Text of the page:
On Tuesday, 280,000 viewers tuned into the first major auction of the fall season live-streamed from Christie’s Rockefeller center headquarters. The evening sale, which combined modern and contemporary art with the fossilized skeleton of a Tyrannosaurus Rex, generated $340.8 million with buyer’s fee across 46 lots. Hammering at $294 million, meeting the pre-sale low estimate of $277 million, it realized a solid sell-through rate of 84 percent. Although four major lots were withdrawn before the sale started.
The results come in over the October 2019 contemporary art evening sale total of $325.2 million. Eight percent of lots sold above the high estimate, 47 percent placed within their estimate ranges and 22 percent failed to reach their low bar. 16 lots total came to the auction with guarantees.
Christie’s executive team attempted to further hone the hybrid live-streamed auction format this time around. Following July’s $420 million global “ONE” sale that featured four of the house’s principal auctioneers in four different locations around the world, this iteration was run solely from New York with bidding rooms in London and Hong Kong. Breaking from the traditional fall auction calendar with sales in London in October and New York in November, Christie’s provided an additional new feature to this sale, running commentary from Richard Lloyd, Christie’s prints specialist and Bonnie Brennan, Christie’s Americas chairman of business development. Despite the effort to add color to the events, high estimates and third-party guarantees on many of the top lots meant the sale lacked energy. Though the evening’s greatest novelty, the dinosaur sale was a raging success with bidders driving the hammer price to more than three times the high estimate of $8 million when it sold for $27.5 million at the hammer. The final price was $31.8 million.
Among the top lots of the night was Paul Cézanne’s watercolor Nature morte avec pot au lait, melon et sucrier (1900–06), which sold for $28.6 million. Two major lots from the collection of investor and Revlon Inc. owner Ronald Perelman were among the top prices. Cy Twombly’s Untitled [Bolsena] from 1969 went for $38.7 million, which met its low estimate of $35 million once fees are added. A deep maroon Rothko from 1967, which Perelman acquired privately in 2002, sold below its low estimate for $31.3 million with buyer’s fees.
Christie’s deputy chairman Tash Perrin, auctioned a 67-million-year-old Tyrannosaurus rex skeleton named “Stan” without a reserve price. That turned out to be irrelevant as the fossils made a record price from a bidder on the phone with Christie’s London Natural History and Sciences specialist James Hyslop. It surpassed the previous record for a dinosaur fossil of $8.4 million paid in 1997 for “Sue” by the Field Museum of Natural History in Chicago.
After a protracted pause for a buyer on the phone with contemporary art specialist Barrett White, Pablo Picasso’s guaranteed Femme dans un fauteuil (1941) depicting his muse, photographer Dora Maar, sold for $29.6 million, hammering in the middle of its estimate range. Willem de Kooning’s Woman (Green), 1953–55, another Perelman lot, hammered at its low estimate of $20 million, going to a bidder on the phone with Alex Rotter, Christie’s chairman of 20th/21st century art department, for a final price of $23.3 million. Jackson Pollock’s guaranteed 1946 red drip painting, sold from the Everson Museum of Art to fund the museum’s efforts to diversify its collection, hammered at its low estimate of $12 million. It sold for $13 million with buyer’s premium.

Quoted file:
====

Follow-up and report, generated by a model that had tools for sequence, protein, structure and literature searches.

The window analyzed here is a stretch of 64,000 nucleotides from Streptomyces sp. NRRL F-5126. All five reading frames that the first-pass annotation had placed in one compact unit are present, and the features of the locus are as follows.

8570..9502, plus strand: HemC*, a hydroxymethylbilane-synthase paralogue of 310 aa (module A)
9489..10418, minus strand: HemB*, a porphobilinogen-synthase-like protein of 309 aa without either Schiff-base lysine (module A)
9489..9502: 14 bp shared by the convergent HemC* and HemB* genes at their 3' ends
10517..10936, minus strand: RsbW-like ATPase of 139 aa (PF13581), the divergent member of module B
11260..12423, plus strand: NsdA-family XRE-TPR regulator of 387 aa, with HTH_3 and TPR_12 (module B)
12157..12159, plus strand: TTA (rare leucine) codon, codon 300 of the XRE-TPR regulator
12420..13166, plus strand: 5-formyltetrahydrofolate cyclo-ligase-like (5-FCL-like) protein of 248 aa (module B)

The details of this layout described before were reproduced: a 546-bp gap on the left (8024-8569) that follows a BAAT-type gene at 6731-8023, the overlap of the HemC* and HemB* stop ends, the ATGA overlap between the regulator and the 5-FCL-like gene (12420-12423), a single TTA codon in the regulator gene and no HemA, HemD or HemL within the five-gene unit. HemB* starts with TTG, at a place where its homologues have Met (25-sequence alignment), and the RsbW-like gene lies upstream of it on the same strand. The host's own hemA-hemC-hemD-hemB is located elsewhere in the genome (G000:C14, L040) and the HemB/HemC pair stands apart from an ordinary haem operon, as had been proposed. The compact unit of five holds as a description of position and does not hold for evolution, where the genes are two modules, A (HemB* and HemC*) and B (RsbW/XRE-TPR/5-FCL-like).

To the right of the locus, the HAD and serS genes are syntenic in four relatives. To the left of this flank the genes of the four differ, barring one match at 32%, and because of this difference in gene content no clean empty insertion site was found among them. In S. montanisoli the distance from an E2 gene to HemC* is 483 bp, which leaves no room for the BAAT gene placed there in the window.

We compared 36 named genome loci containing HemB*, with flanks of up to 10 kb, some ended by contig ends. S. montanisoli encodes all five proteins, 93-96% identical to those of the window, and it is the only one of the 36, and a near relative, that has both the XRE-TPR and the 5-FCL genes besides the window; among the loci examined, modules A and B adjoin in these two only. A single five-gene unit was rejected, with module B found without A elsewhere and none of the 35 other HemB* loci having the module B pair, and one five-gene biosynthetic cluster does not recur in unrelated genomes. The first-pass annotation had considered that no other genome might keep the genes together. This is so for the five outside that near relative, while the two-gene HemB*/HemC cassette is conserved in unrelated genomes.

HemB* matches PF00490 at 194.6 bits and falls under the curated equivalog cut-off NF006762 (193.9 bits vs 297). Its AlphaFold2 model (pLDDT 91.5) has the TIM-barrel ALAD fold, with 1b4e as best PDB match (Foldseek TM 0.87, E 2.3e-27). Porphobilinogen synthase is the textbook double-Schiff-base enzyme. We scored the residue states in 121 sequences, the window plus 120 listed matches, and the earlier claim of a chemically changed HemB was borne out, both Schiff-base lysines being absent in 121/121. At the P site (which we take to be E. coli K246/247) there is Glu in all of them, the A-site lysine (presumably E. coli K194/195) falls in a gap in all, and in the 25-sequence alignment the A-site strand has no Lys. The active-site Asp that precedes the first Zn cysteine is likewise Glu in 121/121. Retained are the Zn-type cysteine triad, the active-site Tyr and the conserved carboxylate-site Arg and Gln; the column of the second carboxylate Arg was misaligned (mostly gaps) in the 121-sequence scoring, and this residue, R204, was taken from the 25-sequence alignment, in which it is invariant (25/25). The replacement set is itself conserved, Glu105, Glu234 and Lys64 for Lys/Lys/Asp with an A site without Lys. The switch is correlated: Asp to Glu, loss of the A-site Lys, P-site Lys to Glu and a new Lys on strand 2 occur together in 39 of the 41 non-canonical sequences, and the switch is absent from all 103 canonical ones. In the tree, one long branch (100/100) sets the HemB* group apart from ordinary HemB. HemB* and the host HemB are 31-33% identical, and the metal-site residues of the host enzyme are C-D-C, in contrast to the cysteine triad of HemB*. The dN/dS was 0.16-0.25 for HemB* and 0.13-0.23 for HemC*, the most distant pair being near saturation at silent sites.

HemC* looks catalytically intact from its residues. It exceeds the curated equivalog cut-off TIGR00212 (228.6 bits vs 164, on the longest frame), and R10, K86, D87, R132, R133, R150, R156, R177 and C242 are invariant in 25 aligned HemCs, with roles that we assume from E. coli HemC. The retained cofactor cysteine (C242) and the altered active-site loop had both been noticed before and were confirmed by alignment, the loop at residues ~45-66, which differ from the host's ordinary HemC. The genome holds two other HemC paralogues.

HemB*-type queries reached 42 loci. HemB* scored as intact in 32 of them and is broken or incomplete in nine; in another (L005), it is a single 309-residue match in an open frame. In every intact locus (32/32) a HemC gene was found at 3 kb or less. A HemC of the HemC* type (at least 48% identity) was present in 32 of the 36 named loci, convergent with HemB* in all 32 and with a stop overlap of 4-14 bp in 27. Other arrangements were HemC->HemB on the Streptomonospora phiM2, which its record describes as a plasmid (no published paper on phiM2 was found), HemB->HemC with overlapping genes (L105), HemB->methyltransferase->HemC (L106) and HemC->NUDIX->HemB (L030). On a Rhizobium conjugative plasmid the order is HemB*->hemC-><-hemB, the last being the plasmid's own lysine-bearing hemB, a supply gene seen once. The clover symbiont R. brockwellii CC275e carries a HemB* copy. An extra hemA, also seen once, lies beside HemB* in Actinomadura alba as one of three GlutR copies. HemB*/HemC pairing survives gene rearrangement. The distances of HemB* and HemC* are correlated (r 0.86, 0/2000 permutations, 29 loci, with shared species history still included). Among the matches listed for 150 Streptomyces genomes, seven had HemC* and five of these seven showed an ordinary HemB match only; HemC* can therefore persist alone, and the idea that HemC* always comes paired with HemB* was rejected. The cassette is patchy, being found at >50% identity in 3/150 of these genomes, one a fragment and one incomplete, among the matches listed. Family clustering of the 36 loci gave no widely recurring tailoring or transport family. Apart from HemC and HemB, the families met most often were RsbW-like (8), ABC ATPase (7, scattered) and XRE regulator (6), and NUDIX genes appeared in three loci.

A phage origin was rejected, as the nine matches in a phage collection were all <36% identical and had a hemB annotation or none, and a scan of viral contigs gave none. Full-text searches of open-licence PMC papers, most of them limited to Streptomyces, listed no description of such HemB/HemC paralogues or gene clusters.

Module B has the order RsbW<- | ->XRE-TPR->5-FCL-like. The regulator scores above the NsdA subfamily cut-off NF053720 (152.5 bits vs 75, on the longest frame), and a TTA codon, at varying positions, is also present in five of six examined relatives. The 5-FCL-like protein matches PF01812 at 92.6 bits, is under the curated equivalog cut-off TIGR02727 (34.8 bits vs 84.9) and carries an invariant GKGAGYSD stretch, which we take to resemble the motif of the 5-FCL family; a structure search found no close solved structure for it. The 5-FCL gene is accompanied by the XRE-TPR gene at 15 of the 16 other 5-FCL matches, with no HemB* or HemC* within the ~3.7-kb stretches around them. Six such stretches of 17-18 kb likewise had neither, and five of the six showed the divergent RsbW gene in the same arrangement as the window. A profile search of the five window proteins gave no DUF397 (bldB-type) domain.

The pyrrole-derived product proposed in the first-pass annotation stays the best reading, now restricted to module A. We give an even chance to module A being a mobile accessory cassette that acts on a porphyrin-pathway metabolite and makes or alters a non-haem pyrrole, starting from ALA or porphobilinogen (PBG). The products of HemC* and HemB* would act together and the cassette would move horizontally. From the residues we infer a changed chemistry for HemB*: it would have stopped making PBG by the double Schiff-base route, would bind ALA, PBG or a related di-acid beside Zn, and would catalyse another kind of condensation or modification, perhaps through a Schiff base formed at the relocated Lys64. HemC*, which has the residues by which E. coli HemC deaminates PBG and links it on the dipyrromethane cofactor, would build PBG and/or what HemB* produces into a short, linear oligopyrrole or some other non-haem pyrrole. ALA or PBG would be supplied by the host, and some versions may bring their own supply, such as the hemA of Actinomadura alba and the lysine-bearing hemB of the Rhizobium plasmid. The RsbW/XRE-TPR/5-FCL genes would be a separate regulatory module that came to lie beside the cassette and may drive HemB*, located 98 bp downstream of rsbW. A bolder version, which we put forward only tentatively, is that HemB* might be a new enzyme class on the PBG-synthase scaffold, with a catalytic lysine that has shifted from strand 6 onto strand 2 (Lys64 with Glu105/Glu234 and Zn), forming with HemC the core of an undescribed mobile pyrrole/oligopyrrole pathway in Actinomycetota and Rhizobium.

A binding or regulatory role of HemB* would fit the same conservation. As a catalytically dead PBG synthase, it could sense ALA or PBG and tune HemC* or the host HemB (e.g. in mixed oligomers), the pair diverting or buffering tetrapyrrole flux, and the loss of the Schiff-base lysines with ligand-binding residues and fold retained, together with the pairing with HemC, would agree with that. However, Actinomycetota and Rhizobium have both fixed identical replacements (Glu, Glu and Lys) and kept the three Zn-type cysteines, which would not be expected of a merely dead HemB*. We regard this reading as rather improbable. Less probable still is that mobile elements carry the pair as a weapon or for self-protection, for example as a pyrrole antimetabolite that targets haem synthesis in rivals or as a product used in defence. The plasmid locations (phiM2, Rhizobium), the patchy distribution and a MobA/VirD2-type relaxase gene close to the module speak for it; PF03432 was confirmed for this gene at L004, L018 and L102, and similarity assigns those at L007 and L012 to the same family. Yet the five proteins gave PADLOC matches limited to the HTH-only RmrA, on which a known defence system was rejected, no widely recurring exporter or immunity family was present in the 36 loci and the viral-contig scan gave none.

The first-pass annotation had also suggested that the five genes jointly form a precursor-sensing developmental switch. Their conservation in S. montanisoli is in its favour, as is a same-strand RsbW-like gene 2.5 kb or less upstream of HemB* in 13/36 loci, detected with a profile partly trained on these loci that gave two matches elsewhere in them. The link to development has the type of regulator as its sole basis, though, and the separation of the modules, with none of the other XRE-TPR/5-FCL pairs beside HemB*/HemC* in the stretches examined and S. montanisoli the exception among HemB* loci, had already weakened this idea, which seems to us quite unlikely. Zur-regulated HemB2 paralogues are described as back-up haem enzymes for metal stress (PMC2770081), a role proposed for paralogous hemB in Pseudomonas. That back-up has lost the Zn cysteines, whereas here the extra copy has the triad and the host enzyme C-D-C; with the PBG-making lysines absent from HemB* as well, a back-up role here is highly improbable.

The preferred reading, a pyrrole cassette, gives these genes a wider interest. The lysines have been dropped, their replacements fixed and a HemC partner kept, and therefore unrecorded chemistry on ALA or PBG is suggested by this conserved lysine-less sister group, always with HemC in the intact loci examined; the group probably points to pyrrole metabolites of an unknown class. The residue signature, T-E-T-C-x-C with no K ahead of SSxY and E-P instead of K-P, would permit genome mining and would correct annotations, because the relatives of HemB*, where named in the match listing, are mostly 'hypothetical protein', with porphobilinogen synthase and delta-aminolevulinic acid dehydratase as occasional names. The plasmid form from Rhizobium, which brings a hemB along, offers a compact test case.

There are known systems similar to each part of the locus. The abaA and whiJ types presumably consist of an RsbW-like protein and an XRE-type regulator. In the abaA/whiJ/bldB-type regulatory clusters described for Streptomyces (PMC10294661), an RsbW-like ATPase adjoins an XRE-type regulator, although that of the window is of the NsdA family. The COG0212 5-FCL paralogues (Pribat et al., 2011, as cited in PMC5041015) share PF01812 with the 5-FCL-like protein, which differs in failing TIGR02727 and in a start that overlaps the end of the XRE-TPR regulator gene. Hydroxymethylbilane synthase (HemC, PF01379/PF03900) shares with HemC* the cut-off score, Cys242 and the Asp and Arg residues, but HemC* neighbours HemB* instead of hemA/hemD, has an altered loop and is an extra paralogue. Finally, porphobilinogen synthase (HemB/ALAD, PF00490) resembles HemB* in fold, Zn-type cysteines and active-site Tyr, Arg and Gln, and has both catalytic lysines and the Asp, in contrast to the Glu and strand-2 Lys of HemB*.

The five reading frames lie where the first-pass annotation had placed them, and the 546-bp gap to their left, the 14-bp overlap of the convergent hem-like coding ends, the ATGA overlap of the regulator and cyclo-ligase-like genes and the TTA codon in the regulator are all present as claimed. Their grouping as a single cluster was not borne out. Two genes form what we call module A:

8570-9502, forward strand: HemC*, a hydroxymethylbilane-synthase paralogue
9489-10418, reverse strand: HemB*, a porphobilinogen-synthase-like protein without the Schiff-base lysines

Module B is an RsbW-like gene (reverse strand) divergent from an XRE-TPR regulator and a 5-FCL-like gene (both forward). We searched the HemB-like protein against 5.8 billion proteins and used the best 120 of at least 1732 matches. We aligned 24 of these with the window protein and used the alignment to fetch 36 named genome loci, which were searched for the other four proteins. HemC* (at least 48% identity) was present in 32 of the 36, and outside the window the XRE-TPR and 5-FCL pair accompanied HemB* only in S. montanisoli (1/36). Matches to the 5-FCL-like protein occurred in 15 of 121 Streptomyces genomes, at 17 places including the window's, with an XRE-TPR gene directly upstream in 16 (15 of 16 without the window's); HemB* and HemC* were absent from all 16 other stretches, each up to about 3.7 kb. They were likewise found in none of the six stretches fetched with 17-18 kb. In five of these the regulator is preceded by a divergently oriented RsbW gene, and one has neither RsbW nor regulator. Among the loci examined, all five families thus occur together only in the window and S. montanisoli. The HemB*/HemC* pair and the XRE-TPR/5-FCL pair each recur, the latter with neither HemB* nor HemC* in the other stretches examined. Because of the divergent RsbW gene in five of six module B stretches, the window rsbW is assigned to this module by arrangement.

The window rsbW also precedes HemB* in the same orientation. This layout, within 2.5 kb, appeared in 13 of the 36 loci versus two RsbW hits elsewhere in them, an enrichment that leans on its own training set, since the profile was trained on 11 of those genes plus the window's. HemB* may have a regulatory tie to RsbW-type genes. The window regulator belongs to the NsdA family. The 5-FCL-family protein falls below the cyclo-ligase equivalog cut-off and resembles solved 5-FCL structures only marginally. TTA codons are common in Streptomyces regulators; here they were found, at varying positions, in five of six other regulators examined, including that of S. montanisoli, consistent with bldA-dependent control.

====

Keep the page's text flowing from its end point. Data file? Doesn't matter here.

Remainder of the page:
The tame sale had few inflection points with modern works made in the pre-war era. René Magritte’s painting Le nu couché (1928) depicting a reclining nude woman balancing a bowler hat, book and glass, all recognizable motifs of the surrealist’s oeuvre, sold for $6.9 million. It beat its high estimate of $6 million. In a pre-sale talk, dealer Jeffrey Deitch said he advised the current seller to buy the early Magritte, who acquired it at a Sotheby’s London sale in 2000. This was followed by art deco painter Tamara de Lempicka’s painting of two nudes, Les deux amies from 1930, that sold for $9.4 million. It surpassed its high estimate of $8 million. The painting brought high returns for the seller, who purchased it in 1988 at Christie’s for $559,743.
Cecily Brown’s abstract I Will Not Paint Any More Boring Leaves (2), 2004, which was last shown at the artist’s traveling survey in 2007, went for $5.1 million to a New York buyer competing against interest from Asia, selling at its high estimate. Mark Bradford’s mixed media collaged canvas Ghost Money (2007) sold for $7 million. It beat the low estimate of $5 million. The seller bought it at Christie’s in May 2015 for $3.6 million.
Ed Ruscha’s neutral monochrome text painting, An Invasion of Privacy (1973) sold for $3.2 million, landing within its estimate range. Salvador Dali’s Bouche mystérieuse apparaissant sur le dos de ma nurse, a gouache painting on a magazine cover from 1941 reproduced in the artist’s autobiography sold for $1.7 million. It beat its estimate of $1.2 million. A gouache on paper from 1910 by Egon Schiele sold for $1.5 million, but failed to meet its low estimate. Other blue-chip modern works by Joan Miró and Vincent van Gogh failed to find buyers.